As a memoir writer, you should know about an American author and teacher named William Zinsser. Now 90 years old and still writing, Zinsser is the author of On Writing Well. In 2006, he wrote an essay for The American Scholar that provided valuable insight into the process of writing a memoir. With its inspirationally warm temperatures and lazy-day vacationing, summertime is a great season to begin your memoir or make significant progress on it. To help you do that, let’s spend a portion of this summer discussing Zinsser’s essay, succinctly titled, “How to Write a Memoir.”
I’m going to start at the end, with the very last piece of advice in that essay: how to get started. Zinsser suggests:
“Go to your desk on Monday morning and write about some event that’s still vivid in your memory. What you write doesn’t have to be long—three pages, five pages—but it should have a beginning and an end. Put that episode in a folder and get on with your life. On Tuesday morning, do the same thing. Tuesday’s episode doesn’t have to be related to Monday’s episode. Take whatever memory comes calling; your subconscious mind, having been put to work, will start delivering your past. Keep this up for two months, or three months, or six months. Don’t be impatient to start writing your ‘memoir,’ the one you had in mind before you began. Then, one day,…[read through your entries] and see what they tell you and what patterns emerge. They will tell you what your memoir is about and what it’s not about. They will tell you what’s primary and what’s secondary, what’s interesting and what’s not, what’s emotional, what’s important, what’s funny, what’s unusual, what’s worth pursing and expanding. You’ll begin to glimpse your story’s narrative shape and the road you want to take. Then all you have to do is put the pieces together.”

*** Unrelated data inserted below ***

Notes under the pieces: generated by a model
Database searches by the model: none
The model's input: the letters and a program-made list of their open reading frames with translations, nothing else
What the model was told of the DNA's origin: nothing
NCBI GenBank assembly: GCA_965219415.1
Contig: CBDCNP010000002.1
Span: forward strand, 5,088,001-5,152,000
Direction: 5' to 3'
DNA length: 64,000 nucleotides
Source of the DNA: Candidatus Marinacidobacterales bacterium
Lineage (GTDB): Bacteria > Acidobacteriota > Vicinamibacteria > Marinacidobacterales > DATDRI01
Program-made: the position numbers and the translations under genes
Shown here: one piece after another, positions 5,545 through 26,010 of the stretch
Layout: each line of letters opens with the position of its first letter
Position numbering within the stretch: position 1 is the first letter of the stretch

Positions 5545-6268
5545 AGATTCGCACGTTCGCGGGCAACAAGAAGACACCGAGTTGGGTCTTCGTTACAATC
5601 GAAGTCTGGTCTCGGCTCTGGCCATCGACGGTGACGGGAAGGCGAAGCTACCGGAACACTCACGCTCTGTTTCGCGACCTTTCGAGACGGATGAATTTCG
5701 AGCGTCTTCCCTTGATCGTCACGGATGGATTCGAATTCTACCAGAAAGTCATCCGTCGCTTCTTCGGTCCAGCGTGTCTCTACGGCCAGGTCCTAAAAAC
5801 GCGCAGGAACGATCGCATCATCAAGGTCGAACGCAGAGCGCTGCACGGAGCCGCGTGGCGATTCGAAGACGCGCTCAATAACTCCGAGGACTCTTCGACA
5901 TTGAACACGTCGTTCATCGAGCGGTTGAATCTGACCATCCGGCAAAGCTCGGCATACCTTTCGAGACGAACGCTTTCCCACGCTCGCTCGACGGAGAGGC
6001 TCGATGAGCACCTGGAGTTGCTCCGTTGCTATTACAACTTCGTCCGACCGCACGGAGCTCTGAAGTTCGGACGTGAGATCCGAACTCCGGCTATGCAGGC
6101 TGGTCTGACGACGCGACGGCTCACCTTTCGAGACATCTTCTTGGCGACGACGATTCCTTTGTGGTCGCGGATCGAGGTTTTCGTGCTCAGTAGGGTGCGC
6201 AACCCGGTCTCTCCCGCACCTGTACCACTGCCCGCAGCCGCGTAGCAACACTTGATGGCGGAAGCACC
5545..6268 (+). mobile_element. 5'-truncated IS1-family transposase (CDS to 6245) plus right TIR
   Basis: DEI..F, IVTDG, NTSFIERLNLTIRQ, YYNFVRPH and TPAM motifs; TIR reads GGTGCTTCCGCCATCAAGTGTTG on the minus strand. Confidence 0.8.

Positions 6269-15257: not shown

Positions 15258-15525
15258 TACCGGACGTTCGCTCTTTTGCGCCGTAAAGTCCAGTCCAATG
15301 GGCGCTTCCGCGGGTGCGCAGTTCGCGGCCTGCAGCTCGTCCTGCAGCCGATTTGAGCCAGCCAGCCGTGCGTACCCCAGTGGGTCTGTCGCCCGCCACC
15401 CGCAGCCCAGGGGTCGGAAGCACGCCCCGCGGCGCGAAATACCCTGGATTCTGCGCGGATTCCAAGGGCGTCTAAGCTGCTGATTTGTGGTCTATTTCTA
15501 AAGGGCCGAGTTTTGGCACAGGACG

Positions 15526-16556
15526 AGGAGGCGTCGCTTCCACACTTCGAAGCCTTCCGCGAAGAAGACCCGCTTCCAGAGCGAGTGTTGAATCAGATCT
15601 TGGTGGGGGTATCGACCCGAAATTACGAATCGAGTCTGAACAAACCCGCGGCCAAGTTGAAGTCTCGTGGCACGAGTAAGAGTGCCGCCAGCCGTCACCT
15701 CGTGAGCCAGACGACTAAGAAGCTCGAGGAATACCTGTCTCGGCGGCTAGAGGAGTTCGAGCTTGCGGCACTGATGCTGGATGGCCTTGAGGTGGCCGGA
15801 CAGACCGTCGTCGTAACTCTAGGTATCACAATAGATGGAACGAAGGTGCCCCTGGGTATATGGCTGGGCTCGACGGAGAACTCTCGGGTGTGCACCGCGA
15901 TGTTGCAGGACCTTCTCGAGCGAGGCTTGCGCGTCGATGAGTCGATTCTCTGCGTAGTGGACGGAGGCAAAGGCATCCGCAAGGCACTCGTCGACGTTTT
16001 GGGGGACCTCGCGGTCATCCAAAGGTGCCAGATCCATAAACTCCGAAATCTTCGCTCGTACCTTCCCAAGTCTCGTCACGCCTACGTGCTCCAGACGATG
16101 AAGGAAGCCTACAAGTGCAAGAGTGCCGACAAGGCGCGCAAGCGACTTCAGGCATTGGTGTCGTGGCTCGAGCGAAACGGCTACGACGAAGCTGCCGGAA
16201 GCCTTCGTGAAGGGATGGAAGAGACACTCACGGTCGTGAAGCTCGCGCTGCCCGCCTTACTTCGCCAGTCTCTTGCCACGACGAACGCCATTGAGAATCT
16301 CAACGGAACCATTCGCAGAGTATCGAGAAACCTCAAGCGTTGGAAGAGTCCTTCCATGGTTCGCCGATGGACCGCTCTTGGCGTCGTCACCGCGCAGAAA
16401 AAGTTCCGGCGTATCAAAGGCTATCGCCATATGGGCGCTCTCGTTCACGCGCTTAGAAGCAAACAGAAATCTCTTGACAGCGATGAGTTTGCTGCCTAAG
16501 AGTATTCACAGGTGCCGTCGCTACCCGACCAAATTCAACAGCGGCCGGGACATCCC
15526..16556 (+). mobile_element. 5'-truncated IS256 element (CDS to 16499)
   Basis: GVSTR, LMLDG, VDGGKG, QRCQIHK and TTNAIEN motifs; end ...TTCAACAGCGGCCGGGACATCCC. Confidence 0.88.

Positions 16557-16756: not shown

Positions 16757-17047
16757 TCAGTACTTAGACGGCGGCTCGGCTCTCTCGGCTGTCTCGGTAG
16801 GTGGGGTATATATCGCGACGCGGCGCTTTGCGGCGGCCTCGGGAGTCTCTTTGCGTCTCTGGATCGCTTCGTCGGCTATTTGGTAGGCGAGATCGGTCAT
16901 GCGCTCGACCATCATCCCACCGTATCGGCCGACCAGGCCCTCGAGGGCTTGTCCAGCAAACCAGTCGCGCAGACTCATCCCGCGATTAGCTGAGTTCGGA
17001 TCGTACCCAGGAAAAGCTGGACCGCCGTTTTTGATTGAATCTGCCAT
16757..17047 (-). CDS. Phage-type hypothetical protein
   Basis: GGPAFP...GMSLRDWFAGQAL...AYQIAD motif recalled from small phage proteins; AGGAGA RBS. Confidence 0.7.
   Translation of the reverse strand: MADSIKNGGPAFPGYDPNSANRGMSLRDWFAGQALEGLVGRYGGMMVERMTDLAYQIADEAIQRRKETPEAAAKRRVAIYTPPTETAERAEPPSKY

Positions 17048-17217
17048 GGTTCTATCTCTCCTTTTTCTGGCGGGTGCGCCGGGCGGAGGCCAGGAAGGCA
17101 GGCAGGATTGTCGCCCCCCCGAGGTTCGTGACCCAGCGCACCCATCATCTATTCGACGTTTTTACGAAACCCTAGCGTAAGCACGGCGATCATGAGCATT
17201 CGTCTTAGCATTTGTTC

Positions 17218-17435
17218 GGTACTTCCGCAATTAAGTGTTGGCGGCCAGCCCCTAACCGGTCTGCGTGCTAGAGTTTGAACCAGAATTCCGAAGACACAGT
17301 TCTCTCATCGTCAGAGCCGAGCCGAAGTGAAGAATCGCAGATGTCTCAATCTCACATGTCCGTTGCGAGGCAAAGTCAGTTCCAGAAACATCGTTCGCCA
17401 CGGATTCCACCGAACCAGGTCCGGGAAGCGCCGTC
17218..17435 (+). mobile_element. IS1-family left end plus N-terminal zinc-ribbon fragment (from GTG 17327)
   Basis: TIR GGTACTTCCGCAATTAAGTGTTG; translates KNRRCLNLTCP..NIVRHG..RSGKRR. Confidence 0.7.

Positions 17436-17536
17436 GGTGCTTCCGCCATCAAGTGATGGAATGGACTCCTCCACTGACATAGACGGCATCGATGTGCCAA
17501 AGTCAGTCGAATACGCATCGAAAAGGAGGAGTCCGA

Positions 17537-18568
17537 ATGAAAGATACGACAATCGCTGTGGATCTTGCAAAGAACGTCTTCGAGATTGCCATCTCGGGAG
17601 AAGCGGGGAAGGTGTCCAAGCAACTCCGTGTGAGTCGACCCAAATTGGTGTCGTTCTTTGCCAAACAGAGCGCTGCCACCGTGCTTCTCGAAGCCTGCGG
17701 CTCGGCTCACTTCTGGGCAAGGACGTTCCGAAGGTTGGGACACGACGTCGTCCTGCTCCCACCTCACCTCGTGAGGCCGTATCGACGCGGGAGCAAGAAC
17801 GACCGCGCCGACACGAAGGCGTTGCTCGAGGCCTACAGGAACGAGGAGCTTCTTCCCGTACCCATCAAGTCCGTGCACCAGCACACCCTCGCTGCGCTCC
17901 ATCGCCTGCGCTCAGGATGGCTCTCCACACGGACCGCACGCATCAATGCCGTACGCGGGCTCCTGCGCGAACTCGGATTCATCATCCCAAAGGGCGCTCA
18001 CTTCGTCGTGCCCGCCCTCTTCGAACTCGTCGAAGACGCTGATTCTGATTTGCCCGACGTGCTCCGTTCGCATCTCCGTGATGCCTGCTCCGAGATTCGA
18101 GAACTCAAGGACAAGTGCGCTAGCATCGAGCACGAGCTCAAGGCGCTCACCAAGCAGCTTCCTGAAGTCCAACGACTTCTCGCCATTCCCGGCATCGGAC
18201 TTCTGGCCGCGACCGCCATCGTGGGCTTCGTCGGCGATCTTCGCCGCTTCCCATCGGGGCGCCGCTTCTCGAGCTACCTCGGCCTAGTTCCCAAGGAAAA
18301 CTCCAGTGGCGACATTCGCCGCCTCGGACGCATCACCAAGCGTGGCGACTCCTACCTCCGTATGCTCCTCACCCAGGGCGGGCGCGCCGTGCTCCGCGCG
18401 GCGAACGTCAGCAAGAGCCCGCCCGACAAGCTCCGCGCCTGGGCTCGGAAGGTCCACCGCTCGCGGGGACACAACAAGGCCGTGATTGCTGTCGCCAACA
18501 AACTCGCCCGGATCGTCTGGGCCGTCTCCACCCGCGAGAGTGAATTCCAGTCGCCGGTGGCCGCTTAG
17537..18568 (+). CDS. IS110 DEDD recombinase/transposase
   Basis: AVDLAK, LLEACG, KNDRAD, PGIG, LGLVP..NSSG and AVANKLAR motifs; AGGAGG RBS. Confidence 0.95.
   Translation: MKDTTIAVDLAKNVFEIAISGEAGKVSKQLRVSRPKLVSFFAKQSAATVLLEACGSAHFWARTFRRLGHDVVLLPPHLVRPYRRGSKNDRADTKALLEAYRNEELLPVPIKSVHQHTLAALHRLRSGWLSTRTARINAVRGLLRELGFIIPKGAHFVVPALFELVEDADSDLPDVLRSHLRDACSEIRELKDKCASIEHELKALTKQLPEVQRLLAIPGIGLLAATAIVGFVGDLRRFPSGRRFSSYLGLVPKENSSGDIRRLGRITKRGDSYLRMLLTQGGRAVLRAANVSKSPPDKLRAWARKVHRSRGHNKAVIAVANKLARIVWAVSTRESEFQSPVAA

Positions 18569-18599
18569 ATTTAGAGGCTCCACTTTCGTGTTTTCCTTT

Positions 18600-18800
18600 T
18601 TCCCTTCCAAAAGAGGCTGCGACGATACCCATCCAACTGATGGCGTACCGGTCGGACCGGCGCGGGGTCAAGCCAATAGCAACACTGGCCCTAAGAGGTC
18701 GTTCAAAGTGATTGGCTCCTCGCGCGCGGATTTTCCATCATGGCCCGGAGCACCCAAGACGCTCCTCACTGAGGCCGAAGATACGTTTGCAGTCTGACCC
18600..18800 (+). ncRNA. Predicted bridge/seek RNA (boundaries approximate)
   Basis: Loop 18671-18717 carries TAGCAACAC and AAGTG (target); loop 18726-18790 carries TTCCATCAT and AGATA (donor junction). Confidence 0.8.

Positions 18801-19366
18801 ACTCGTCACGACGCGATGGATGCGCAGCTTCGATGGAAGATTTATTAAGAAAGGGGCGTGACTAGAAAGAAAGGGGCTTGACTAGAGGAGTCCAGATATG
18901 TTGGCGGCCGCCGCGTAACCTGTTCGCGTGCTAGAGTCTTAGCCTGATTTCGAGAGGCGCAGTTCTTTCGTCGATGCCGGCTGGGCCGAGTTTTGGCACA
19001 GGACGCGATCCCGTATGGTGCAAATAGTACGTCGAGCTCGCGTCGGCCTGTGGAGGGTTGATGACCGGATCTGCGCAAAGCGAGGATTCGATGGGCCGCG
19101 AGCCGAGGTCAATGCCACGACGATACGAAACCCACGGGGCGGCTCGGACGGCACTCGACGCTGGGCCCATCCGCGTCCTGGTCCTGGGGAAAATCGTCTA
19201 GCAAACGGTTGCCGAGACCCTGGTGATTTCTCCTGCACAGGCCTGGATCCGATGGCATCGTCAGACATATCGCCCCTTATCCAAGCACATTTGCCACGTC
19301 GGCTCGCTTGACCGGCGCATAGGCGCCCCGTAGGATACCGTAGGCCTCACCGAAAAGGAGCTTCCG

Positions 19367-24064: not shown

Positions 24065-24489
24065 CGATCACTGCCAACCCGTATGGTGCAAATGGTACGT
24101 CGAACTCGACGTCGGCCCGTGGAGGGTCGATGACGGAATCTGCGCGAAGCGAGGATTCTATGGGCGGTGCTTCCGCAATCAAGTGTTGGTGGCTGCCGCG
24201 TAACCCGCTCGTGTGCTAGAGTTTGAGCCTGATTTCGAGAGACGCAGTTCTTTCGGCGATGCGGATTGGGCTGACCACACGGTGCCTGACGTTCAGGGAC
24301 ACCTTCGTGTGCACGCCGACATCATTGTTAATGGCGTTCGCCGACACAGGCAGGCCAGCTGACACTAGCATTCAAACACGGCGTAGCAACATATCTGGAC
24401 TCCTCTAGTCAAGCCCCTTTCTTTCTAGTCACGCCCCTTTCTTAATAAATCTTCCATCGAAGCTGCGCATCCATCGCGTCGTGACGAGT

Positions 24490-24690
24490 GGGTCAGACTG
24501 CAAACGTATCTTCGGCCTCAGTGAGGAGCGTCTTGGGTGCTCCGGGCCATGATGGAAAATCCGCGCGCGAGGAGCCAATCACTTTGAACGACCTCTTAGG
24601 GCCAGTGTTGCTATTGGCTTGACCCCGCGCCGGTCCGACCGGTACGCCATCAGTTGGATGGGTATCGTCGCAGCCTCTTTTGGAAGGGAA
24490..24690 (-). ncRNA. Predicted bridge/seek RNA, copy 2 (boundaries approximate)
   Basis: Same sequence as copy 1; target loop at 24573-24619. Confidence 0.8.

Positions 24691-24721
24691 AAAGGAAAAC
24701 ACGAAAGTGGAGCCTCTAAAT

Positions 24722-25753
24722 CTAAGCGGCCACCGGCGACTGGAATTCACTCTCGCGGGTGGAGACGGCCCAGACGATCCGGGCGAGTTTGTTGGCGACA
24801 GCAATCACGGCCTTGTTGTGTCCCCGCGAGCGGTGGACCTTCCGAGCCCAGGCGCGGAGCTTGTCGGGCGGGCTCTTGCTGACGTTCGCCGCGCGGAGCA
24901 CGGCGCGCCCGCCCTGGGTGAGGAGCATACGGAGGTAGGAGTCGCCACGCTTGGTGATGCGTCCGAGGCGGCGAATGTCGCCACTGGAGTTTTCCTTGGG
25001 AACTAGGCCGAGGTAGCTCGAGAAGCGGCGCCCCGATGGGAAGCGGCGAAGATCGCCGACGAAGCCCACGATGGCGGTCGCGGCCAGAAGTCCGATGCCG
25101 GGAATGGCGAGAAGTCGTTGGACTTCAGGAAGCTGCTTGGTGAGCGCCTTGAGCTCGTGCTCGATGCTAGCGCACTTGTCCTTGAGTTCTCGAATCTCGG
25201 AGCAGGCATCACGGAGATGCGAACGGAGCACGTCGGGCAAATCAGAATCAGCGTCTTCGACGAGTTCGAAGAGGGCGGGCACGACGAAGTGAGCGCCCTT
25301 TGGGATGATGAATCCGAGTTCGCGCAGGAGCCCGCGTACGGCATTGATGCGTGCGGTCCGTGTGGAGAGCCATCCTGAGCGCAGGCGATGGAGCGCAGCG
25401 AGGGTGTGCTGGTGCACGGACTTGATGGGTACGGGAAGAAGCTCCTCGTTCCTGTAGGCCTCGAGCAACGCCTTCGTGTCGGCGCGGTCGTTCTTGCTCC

More about this essay in the coming weeks.